The Reflection Pool

Why Leaving School is Hard

I have been connected to the heart of education for the past 15 years. Where’s that?  In a school.

School is where the learning action is. School is where the lead learner in the building can have the most influence of anyone in the district. I enjoyed that privilege every day. I talked students anytime, explored their work and asked questions to find out what they were dreaming about.  I built meaningful relationships to help them become more engaged in their learning. They often made me laugh out loud!384_150507_040

In a school, I walked down the hall and chatted with any number of teachers, educational assistants, caretaking or support staff and parents or guardians. I sat in on staffroom and learning team discussions to find out what people were thinking and what they are wrestling with.

Every day, I saw my purpose. I just had to look at the students and staff and it was clear.

This September, I’m going to be a system district principal where I work from a central  office. That’s the  place that school staff often thinks is out of touch with the day to day reality of education. It’s a place where it’s easy to get caught up in what classrooms “should” look like and what teachers “should” be doing precisely because you’re not in a school. You have to work doubly hard to make sure you understand what happens there. I see my purpose clearly in this position  too. It’s an exciting opportunity to work with other principals and instructional staff and it’s linked to the strategic directions of the school board which are student and staff centred. But it’s just that little bit removed from the action in schools. ivory-tower-tg-version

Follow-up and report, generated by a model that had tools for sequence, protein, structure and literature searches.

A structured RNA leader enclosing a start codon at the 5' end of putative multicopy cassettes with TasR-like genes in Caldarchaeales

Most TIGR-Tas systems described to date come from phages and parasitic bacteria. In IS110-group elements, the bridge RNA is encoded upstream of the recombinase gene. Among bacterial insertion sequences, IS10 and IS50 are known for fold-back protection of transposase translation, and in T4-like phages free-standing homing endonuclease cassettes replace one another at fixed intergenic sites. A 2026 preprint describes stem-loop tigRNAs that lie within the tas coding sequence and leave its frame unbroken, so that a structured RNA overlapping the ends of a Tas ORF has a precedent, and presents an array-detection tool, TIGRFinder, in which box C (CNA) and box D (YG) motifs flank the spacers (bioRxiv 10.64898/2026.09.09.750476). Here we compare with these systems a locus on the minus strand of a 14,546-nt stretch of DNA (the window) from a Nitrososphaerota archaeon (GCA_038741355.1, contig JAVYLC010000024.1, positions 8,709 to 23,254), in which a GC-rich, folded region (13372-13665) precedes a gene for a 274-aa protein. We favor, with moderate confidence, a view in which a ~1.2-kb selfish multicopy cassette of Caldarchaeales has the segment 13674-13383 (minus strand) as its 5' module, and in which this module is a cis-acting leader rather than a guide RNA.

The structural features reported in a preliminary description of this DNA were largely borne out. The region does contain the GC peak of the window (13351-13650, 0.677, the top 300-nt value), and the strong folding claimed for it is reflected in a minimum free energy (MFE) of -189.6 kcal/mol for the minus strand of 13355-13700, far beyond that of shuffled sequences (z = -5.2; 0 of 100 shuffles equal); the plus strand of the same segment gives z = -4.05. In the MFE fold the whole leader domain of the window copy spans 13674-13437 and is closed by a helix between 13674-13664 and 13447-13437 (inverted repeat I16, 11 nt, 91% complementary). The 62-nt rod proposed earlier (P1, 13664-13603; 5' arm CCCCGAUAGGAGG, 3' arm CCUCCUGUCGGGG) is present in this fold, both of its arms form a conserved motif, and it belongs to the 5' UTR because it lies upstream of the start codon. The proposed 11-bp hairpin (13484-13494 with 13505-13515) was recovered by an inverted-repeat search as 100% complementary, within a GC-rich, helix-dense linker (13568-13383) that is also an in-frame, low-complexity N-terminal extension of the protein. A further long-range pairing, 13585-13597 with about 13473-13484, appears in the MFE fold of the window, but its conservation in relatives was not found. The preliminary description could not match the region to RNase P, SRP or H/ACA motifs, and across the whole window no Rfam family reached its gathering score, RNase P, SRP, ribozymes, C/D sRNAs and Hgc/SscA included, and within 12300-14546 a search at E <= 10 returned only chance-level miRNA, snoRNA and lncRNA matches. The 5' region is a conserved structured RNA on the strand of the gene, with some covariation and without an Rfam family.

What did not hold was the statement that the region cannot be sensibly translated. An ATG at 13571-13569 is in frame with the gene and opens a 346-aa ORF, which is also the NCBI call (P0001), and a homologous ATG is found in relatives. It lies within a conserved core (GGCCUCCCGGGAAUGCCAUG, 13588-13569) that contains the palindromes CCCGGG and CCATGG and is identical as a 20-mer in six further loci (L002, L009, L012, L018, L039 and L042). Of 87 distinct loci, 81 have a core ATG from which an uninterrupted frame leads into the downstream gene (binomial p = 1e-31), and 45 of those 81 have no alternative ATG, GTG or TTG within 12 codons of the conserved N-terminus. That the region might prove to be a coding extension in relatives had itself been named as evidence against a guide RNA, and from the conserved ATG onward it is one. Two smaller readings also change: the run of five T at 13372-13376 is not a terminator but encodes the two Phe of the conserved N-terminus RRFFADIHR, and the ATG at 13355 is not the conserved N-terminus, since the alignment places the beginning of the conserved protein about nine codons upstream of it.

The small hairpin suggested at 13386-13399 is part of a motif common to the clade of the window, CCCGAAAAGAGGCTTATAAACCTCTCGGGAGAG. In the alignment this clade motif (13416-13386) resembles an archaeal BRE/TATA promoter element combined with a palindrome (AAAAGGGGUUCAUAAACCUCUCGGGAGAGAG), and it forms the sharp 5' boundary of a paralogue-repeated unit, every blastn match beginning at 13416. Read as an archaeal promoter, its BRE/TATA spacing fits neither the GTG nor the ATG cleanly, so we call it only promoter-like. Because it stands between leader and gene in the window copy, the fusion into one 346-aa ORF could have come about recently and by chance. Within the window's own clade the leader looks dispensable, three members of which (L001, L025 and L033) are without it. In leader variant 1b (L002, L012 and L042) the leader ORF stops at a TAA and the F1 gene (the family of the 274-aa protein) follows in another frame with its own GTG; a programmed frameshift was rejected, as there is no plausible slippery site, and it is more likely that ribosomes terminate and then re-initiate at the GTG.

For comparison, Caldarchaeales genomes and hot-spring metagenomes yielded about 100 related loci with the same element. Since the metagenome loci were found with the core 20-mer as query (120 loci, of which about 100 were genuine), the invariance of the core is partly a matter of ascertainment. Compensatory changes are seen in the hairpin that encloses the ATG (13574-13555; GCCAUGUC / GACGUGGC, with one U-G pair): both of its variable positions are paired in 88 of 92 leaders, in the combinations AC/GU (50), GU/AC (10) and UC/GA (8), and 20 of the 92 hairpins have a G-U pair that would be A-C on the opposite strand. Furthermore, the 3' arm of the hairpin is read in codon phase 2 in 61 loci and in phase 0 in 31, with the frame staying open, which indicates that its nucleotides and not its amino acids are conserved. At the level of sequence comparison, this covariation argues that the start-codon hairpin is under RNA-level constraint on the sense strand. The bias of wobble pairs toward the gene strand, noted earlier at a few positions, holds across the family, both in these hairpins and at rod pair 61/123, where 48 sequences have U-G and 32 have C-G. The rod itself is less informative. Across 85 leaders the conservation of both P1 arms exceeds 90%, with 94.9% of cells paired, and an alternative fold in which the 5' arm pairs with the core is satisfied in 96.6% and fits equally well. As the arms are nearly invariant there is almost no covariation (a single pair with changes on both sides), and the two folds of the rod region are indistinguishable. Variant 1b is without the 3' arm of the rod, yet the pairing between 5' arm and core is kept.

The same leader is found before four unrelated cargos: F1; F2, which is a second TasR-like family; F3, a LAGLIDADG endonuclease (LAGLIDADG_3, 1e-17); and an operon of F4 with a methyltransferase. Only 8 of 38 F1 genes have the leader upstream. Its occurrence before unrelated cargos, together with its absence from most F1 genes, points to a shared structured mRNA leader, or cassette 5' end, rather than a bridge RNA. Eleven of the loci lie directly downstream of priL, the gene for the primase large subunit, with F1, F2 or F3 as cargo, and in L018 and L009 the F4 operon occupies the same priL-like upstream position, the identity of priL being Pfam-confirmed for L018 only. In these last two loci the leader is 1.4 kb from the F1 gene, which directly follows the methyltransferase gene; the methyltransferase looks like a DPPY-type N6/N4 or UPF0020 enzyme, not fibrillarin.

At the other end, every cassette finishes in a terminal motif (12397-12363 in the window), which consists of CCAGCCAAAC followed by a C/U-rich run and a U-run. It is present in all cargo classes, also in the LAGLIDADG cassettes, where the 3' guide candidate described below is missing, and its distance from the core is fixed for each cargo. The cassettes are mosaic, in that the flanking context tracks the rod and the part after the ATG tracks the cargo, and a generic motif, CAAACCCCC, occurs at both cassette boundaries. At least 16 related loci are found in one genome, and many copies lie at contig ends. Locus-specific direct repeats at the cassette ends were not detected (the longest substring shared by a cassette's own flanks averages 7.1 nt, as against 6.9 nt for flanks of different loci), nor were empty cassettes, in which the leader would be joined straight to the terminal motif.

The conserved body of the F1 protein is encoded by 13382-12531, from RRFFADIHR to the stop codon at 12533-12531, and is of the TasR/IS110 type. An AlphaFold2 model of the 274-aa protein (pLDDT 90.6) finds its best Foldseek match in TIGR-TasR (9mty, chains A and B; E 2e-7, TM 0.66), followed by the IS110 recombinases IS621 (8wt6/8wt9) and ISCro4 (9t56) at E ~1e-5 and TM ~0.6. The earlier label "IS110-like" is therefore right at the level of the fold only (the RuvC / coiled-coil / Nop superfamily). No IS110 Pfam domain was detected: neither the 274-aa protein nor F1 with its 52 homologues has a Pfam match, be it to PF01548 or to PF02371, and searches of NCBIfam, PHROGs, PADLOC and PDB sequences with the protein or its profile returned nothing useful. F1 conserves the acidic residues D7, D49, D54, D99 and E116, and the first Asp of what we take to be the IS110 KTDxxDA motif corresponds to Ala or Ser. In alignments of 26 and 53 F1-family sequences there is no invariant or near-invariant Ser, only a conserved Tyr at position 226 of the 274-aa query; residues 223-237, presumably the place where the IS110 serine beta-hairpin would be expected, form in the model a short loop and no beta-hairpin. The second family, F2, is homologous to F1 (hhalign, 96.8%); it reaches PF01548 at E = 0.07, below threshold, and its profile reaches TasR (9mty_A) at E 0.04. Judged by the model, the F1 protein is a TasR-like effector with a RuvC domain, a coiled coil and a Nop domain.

Greg Miller, a principal in Alberta who blogs and tweets regularly, wrote a blog post called “Moving to Central Office and Staying Student Centred” which you can find here. He’s changing jobs too, and I enjoyed his post at exactly the time I was having the same thoughts. He gives some great suggestions.

Of course, I’ll be out in schools next year. I’ll still ask questions and really listen to teachers and support staff. I’ll be working closely with my principal colleagues and superintendents so we can learn together. It’s important work, and I believe in it. I plan to use many of Greg’s ideas in addition to some of my own, including remaining open to truly hearing what people in schools are telling me.

But I’m really going to miss being in a school.

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